(First published in the May 9, 2019 issue of City Pages)
The Wisconsin River drawdown between Wausau and Brokaw had a month delay. Because of turtles.
Preparations have begun for the Wisconsin River drawdown and repair of the hydro-electric dam in Wausau. Excessive rain this spring delayed turtles egg-laying, so the drawdown was delayed to give the river animals more time.
Folks in the Wausau area might be wondering when the Wisconsin River is going to start drawing down above the dam near downtown. Originally planned to start April 1, the drawdown has been delayed and should start any day.
The reason for the delay: turtles.
That’s what Kelly Zagrzebski of Wisconsin Public Service told the city’s Parks and Recreation Committee Monday. The drawdown of the river will allow WPS to perform work on the hydroelectric dam south of Stewart Avenue. It was supposed to start April 1, then was delayed to April 15, then May 1, then May 6 and finally is expected to start soon.
WPS delayed the drawdown because the excessive rain delayed turtles ending their hibernation and laying their eggs, Zagrzebski says. Starting the drawdown could harm that process.
The drawdown will see the Wisconsin River drop 14 feet when completed, and residents should see water levels drop about a foot per day, Zagrzebski says. Dropping the water levels will allow WPS to replace three of the original seven gates on the dam, along with several other repairs on the dam built in 1921. The water was last lowered in 1998, Zagrzebski says.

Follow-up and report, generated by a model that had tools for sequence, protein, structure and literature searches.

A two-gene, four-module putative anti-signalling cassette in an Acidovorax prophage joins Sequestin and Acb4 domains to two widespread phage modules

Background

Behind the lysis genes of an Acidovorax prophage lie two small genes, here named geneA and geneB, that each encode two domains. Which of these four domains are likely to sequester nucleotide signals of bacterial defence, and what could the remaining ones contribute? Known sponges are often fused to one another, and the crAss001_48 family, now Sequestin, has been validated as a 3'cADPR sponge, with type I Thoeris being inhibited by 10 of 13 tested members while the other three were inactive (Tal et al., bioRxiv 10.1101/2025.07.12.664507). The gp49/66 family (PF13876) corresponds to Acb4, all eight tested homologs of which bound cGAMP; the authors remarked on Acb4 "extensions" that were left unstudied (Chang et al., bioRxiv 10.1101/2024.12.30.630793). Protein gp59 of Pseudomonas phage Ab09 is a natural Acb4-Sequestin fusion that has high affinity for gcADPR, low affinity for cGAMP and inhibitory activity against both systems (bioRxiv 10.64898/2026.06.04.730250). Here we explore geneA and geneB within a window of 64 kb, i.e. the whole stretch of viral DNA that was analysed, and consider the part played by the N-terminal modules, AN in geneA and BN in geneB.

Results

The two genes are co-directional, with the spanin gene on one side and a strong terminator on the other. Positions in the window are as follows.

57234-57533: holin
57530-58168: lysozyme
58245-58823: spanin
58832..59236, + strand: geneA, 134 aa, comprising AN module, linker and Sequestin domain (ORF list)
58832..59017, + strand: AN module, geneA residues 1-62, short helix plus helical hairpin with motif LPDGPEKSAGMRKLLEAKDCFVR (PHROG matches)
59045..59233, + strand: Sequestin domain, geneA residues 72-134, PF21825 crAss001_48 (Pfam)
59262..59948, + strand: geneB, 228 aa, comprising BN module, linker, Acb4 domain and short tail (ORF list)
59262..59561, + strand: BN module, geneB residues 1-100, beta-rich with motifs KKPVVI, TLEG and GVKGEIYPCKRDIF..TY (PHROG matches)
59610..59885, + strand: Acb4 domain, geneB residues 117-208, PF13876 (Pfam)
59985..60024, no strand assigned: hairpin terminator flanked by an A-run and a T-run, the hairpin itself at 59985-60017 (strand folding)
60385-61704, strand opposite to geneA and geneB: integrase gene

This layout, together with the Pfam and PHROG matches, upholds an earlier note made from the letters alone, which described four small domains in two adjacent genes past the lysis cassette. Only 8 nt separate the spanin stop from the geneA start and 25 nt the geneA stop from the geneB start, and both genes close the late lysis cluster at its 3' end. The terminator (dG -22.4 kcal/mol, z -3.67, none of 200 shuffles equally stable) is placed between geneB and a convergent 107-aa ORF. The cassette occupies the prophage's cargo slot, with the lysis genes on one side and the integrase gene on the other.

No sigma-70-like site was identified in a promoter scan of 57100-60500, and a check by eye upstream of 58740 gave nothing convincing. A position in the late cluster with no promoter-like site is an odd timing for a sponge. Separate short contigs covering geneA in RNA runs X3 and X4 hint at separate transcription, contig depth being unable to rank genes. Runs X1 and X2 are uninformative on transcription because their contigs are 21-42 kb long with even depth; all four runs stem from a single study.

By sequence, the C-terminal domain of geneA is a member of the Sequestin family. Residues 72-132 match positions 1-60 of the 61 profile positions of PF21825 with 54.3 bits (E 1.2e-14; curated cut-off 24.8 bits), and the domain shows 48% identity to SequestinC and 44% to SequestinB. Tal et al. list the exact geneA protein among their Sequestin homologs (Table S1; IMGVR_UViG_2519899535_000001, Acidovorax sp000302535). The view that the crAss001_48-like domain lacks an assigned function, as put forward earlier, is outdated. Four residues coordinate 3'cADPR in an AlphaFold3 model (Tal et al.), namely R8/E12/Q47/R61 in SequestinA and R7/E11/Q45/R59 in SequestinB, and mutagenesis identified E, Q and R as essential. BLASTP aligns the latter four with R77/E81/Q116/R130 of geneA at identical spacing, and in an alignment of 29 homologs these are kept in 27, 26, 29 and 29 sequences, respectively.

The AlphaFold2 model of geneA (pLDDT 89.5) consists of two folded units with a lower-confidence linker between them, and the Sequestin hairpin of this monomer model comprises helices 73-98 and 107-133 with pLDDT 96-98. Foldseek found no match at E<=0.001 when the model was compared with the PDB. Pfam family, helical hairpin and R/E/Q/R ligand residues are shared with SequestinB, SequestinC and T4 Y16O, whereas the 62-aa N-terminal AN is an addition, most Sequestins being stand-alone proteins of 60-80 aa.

Residents worried about the disease blastomycosis, a lung infection caused by a fungus common in river muck, can rest easy, says Marathon County Health Department representative Sara Brown. The lower water level over the summer is likely to reduce the chance of blasto fungus, which can grow with the wetting and drying that occurs along a river helps blasto grow. Brown says the drawdown actually stops that process.
Any stranded aquatic species in the river are being monitored by a third party environmental group, and will be relocated, Zagrzebski says. Wausau Parks Director Jamie Polley says the department will be working with the DNR to perform some clean up of the river and make repairs to the boat landings.
Speaking of drawdowns, Wausau’s isn’t the only one.
The Eau Claire River also will be lowered around the Schofield Dam on Grand Avenue starting June 10. The city of Schofield will lower the water six inches per day, to no more than 5.5 feet total, to perform work on public utilities. The city is working with the Wisconsin DNR, the U.S. Fish and Wildlife Service and Marathon County, and any stranded fish or other aquatic life will be moved to another part of the river, says Public Works Director Mark Thuot.
City staff expect the work to be complete and the water levels back to normal no later than Oct. 1.